Following the death of Stephen Sondheim in November 2021, it was inevitable that many of his shows would be performed this year, but I was surprised to see a community theatre group tackling this particular production. Putting on the story of Sweeney Todd is a big challenge for any theatre, and this company has risen to that challenge and smashed it! Director and choreographer Paul Kerryson, who also serves the High Peak Theatre Trust as its CEO, has clearly provided excellent leadership for this Platform 3 production, part of the Buxton Opera House’s learning and engagement initiative.
One of Sondheim’s more widely known musicals, thanks in part to the 2007 film adaptation by Tim Burton, the story follows Sweeney Todd as he returns to London, determined to seek revenge for his exile and the loss of his family. He meets Mrs Lovett, a pie-maker, and they quickly form a friendship as Todd continues on his increasingly complicated quest. The book by Hugh Wheeler keeps the audience guessing as to what will happen next, and I love all the twists and turns this show takes you on in the course of almost 3 hours; not that it felt that long at all tonight: Kerryson keeps a brilliant pace throughout.
The set design (Ian Tregaskis) and props (Zoe Salmon and Annie Hasler) served the production exceptionally well, and there were plenty of dramatic moments and a good amount of fake blood! The programme told me that there were only seven members in the orchestra, led by Musical Director Richard Atkinson, but at times it sounded like there were many more people in the pit and together they made Sondheim’s score sound as beautiful as ever.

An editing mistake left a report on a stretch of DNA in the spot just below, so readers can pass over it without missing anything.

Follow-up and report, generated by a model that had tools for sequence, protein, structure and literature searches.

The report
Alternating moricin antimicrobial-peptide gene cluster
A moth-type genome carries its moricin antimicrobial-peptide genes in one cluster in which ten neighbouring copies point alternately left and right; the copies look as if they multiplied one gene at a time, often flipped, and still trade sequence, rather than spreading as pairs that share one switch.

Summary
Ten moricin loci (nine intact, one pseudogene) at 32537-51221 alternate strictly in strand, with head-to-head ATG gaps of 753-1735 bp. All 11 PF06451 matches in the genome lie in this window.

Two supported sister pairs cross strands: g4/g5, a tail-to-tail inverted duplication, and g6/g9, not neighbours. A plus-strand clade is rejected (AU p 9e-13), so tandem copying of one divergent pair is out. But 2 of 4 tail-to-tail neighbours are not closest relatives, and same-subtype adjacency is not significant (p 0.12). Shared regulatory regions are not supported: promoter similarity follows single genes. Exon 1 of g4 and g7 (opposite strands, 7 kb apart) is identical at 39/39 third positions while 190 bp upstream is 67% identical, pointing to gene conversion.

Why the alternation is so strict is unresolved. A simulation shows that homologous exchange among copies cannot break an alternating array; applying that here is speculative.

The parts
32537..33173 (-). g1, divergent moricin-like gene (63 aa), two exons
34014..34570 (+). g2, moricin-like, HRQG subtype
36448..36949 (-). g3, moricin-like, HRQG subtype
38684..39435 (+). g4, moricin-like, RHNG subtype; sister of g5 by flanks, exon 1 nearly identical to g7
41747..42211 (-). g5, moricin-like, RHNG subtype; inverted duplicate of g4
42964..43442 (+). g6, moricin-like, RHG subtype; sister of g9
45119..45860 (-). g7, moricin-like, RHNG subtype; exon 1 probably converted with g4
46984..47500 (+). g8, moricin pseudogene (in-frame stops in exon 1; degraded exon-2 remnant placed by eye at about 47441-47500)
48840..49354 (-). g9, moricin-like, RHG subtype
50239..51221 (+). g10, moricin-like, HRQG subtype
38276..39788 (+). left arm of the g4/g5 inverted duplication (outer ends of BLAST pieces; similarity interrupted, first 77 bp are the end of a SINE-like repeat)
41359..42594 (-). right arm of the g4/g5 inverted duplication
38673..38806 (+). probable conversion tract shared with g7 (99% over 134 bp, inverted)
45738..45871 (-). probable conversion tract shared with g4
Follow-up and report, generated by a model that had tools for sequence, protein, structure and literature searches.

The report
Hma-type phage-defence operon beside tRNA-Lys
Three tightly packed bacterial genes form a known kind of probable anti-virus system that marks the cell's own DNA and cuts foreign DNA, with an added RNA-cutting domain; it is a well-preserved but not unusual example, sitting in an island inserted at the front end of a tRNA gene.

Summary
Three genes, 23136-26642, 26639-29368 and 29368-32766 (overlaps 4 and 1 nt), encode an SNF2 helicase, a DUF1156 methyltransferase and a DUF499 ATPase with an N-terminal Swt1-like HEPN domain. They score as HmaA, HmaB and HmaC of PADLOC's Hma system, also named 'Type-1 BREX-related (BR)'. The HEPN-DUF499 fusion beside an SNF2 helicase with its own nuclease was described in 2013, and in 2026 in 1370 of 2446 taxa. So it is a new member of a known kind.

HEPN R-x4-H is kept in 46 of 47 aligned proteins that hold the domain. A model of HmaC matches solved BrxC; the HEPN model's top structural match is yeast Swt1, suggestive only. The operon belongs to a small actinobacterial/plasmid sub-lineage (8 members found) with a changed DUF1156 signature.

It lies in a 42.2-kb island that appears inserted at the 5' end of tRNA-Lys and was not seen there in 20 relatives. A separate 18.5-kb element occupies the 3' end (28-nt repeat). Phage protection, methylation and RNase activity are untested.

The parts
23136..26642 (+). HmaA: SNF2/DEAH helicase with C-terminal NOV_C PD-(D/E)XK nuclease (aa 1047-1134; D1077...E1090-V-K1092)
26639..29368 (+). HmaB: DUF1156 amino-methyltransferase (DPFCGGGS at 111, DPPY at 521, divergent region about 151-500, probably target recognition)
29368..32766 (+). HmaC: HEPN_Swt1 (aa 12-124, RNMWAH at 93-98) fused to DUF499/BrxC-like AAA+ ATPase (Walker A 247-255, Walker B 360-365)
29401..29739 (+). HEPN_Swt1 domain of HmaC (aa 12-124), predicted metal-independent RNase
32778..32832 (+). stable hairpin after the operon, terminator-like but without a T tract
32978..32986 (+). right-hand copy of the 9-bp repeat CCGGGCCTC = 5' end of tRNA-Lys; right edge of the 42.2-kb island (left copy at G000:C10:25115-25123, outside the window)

This is clearly a company that nurtures community talent, and the principal performers in this production are proof that it is working well. James Rockey grew authentically from anger to calculated revenge as Sweeney Todd, and I found myself repeatedly sympathising with him, against my better judgement! His partnership with Jennifer Hague as Mrs Lovett was as endearing and believable as it was dysfunctional, and Hague showed an excellent level of self-awareness and some fantastic comic timing. Rhydian Jenkins gave an emotional performance as Anthony, as he pursued love and freedom. Finally, while I enjoyed Lucas Bailey’s antics as Pirelli’s assistant, Tobias, it was his developing relationship with Mrs Lovett and his performance of Not While I’m Around that really touched me.
However, it was not just the acting that should be commended in this production. Every performer sang Sondheim’s complex and rapid score with real commitment and talent. I believe this is the best community musical theatre production that I have ever seen, and I only wish that it was on longer to enable more people to see it, and to allow the cast and crew to really settle into a rhythm.
It is worth remembering that Sondheim never wrote anything without a purpose, and I really like the fact that this play ends with a reminder of the perils of seeking revenge, while recognising that it is something we are all guilty of at one time or another.
“Attend the tale of Sweeney Todd…” the company sing in their closing epilogue… and I highly recommend that you do, in both senses of the word!
Sweeney Todd: The Demon Barber of Fleet Street is playing at the Buxton Opera House until Sunday 1st May. Information and tickets can be found here: https://buxtonoperahouse.org.uk/event/sweeney-todd The matinee performance on Sunday 1st May will be BSL interpreted.
Reviewer: Jo Tillotson
Reviewed: 29th April 2022
North West End UK Rating: ★★★★★